“There he goes. That’s our man who has the ring to dispose of. He came into the porterhouse quite drunk, and made such a disturbance that he is going to be locked up.”

I quickly followed him to the station. Arrived there, I made such a communication to the captain in charge as induced him to have the man searched.

In his pocket we found a small canvas bag containing a few trinkets, a key to a Hobbs lock, and a quantity of duplicates. A key of a room door was also found in another pocket.

I had no doubt these articles were the proceeds of the robbery at which I had figured, but I could not identify this man as one of the three I had encountered. In fact, from the momentary glance I had of two of them, there was scarcely time to recognize their features. Of the other I saw enough to enable me to identify him in the event of meeting with him.
At the station I left instructions that if any one called to see the drunken man he should be detained.

I then proceeded to the residence of the murdered lady. Her servant was able to identify all the articles found in the drunkard’s pocket, and the Hobbs key was found to fit a writing desk among the lady’s property.
Late in the evening I made a visit to the station. There I found a man who, coming to look after his friend, the drunkard that was locked up, had, agreeably to my instructions, been detained.

Upon seeing him I had little doubt that he was the man whose face I had seen on the occasion of my encounter with the murderers and thieves.
Next morning, on being taken before the magistrate, they were both charged with the robbery and murder, and remanded for a week. I had not previously been able to ascertain where these men lived; but they were recognized in court by several parties, and their whereabouts easily discovered.

Upon searching the lodgings of the man first arrested, a complete set of housebreaking implements was found, besides many articles the evident produce of burglaries.

There was yet another of the gang to be found, and the way I fell in with him was rather singular.

I was standing one Sunday evening at the bar of a certain porterhouse near the Park, taking a quiet glass of ale, and “looking on,” when a buxom little maid servant came in for her supper beer, with a jug in one hand and a door-key in the other.

She told the bartender how miserble she felt, all alone in the big house, as the family had gone out for the day, and they would not return until very late.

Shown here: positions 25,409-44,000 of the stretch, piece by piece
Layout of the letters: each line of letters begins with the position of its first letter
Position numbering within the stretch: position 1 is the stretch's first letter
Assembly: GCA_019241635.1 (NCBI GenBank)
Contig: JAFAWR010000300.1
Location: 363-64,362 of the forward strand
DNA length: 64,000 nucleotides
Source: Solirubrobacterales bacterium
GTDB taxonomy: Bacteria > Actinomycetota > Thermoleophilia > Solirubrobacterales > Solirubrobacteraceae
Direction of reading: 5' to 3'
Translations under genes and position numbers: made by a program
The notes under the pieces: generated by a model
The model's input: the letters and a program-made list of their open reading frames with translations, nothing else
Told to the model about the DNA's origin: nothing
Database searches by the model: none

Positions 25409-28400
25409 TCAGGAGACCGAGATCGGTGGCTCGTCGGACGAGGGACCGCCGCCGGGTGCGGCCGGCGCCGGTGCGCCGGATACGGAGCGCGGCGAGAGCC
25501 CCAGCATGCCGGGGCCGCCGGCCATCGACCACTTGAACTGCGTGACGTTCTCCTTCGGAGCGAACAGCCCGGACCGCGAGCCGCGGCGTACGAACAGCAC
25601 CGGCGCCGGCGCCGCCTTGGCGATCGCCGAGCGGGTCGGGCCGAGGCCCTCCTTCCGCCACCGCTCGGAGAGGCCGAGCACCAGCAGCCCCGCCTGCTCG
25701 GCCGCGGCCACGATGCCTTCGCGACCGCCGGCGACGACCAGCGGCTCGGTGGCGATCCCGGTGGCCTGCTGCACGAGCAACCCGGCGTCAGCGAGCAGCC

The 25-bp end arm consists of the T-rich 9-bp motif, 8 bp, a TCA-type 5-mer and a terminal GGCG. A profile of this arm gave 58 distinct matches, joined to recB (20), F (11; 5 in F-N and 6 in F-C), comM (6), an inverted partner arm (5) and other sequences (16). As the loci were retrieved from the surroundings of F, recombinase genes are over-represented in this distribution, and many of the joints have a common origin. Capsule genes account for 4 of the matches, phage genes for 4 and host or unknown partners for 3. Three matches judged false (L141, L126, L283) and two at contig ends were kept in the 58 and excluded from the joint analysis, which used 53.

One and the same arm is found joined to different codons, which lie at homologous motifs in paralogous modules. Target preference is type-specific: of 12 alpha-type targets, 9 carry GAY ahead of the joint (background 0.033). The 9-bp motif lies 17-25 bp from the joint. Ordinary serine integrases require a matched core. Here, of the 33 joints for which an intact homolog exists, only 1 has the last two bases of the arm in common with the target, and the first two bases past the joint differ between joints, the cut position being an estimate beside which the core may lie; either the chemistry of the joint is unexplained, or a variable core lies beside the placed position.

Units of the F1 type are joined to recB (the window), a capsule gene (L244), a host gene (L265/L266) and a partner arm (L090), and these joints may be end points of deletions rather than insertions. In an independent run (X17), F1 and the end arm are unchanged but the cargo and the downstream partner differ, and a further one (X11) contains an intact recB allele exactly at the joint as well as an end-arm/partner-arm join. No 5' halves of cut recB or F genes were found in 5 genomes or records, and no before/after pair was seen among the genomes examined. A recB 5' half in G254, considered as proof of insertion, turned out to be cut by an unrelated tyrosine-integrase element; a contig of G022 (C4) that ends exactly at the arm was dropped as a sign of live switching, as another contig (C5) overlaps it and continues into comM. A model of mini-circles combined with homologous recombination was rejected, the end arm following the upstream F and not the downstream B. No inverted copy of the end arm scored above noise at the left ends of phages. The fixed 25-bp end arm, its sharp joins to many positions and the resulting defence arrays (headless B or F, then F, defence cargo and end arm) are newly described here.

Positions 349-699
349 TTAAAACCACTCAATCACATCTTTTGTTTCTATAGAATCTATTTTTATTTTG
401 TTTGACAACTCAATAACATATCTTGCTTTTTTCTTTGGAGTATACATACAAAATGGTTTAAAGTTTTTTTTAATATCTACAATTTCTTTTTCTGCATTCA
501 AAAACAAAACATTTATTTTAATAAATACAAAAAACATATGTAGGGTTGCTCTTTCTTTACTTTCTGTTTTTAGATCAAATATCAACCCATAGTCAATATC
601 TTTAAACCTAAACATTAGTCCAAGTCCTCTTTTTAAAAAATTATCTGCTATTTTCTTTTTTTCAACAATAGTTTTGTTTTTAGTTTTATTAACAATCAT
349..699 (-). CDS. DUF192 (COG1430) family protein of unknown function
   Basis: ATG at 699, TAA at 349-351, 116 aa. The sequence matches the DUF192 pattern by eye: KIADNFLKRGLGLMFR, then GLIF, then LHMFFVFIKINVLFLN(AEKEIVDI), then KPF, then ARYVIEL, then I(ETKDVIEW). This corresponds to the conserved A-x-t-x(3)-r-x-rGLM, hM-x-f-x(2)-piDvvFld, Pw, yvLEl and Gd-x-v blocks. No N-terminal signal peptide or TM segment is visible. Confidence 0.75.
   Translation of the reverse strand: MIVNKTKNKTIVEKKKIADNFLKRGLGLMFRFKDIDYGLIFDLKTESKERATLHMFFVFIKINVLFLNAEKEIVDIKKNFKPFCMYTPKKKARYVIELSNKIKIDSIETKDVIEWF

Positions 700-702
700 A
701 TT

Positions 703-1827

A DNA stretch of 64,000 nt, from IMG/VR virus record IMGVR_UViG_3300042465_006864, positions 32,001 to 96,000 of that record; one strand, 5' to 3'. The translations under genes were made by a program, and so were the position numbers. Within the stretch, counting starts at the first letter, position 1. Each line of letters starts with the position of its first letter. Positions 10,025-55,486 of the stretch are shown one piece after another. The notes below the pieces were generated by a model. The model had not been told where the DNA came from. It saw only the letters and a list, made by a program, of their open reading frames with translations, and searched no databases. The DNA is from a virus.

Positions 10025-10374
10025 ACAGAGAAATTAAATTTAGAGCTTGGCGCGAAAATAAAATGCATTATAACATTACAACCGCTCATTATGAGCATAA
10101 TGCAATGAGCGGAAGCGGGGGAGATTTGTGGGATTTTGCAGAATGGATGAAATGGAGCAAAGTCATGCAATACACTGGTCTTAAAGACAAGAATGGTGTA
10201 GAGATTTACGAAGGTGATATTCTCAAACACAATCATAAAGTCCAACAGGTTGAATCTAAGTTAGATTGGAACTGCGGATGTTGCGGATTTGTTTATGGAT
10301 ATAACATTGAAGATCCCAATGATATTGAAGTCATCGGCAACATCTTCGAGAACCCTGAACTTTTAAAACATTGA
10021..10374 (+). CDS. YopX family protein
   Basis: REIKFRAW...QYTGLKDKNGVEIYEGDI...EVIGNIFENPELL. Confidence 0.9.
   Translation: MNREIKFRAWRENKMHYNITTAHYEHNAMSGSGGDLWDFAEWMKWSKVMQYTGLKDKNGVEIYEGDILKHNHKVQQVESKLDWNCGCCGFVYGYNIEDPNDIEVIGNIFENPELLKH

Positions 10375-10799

There were two men drinking sherry-cobblers at the bar at the same time, who overheard what the tattling girl had said; and as she left the porterhouse they quickly followed and spoke to her.

Not liking their appearance, and thinking they meant no good, I asked the bartender if he knew what house the girl had come from. He told me it was No. — in the same street. I finished my ale, and went out to see what was going on.

As I approached the house, but on the opposite side, I saw the girl in conversation with the men, and after a time they all went into the house together. I remained in front of the house, watching.

After the lapse of about half an hour I saw the front door opened, and shut again; but no one came out. Shortly after this I saw a light in the second floor, and the shadow of a man moving about the room.

I at once understood what was going on; and I immediately returned to the porterhouse, and requested that a messenger should be sent (quietly) to the station house for assistance.
It speedily arrived. In the course of half an hour the street door, at which we were stationed, was cautiously opened, and a man, with a large parcel in his hand, was about to pass out, when he suddenly found himself pounced upon and walked off to the station. We left an officer at the door of the house.

Upon searching our prisoner we found enough of jewelry, plate, and other valuables in his pocket to stock a small shop. Among other articles was a purse made of a woman’s hair; and as it was the only one of the kind I had ever seen, I particularly remarked it. It only contained a bent gold coin which probably you never saw, as none have been in circulation for the last forty years.
Having locked up our prisoner, we returned to the house. All appeared quiet there. After waiting some time, it occurred to me that the other fellow might be murdering the girl, or worse; so I gave a loud double knock and ring.

After a longer delay than appeared to me necessary, the door was opened by the girl. I inquired if her master was at home.

She replied that he was not—that there was nobody in the house but herself.
“Where,” I asked, “are the men you let in with you when you fetched your beer?”
“I let no men in,” she replied, greatly confused; “they are gone.”

“One is gone, but there’s one inside now, and he’s after no good.”
“How can you say so? I’m sure—”

“I’m sure the house has been robbed. We are policemen, and must search the house.”
“What do you mean! I don’t understand you.”
“We’ll soon explain everything.”

We entered the house, and proceeded to the kitchen in search of the other rascal, but he was nowhere to be seen. We had a long search for him, and at last found him in a small closet.

We quickly conveyed him to the station. When searched, nothing was found upon him but a silver spoon.

I did not at all associate these men with the murder of the old lady; but I happened to mention the story of the capture to her servant, and when I spoke of the hair purse and the gold piece, she exclaimed,—
“Why, that must belong to poor missus. She had such a purse, and has shown it to me many a time. I could swear to it if I could see it.”
“You shall see it.”
When, on the Monday morning, I visited the fellows I had arrested on the Sunday night, I fancied the face of the one upon whom the purse was found looked familiar to me. Come to furbish up my memory, I at length arrived at the conclusion that he was the one upon whom I fetched so unlucky a blow. I asked a surgeon to examine his head, to see if there were any marks of a recent wound.
The result of his examination was quite conclusive and satisfactory. I had no doubt of my man, and certain evidence produced at the trial confirmed it.

The three villains, upon very good circumstantial evidence, were all found guilty, and suffered the extreme penalty of the law. I doubt if they would have ever been detected had it not been for the BURGLAR’S HAT.


Strange Stories of a Detective; or, Curiosities of Crime. New York: Dick and Fitzgerald, 1863. 165-70.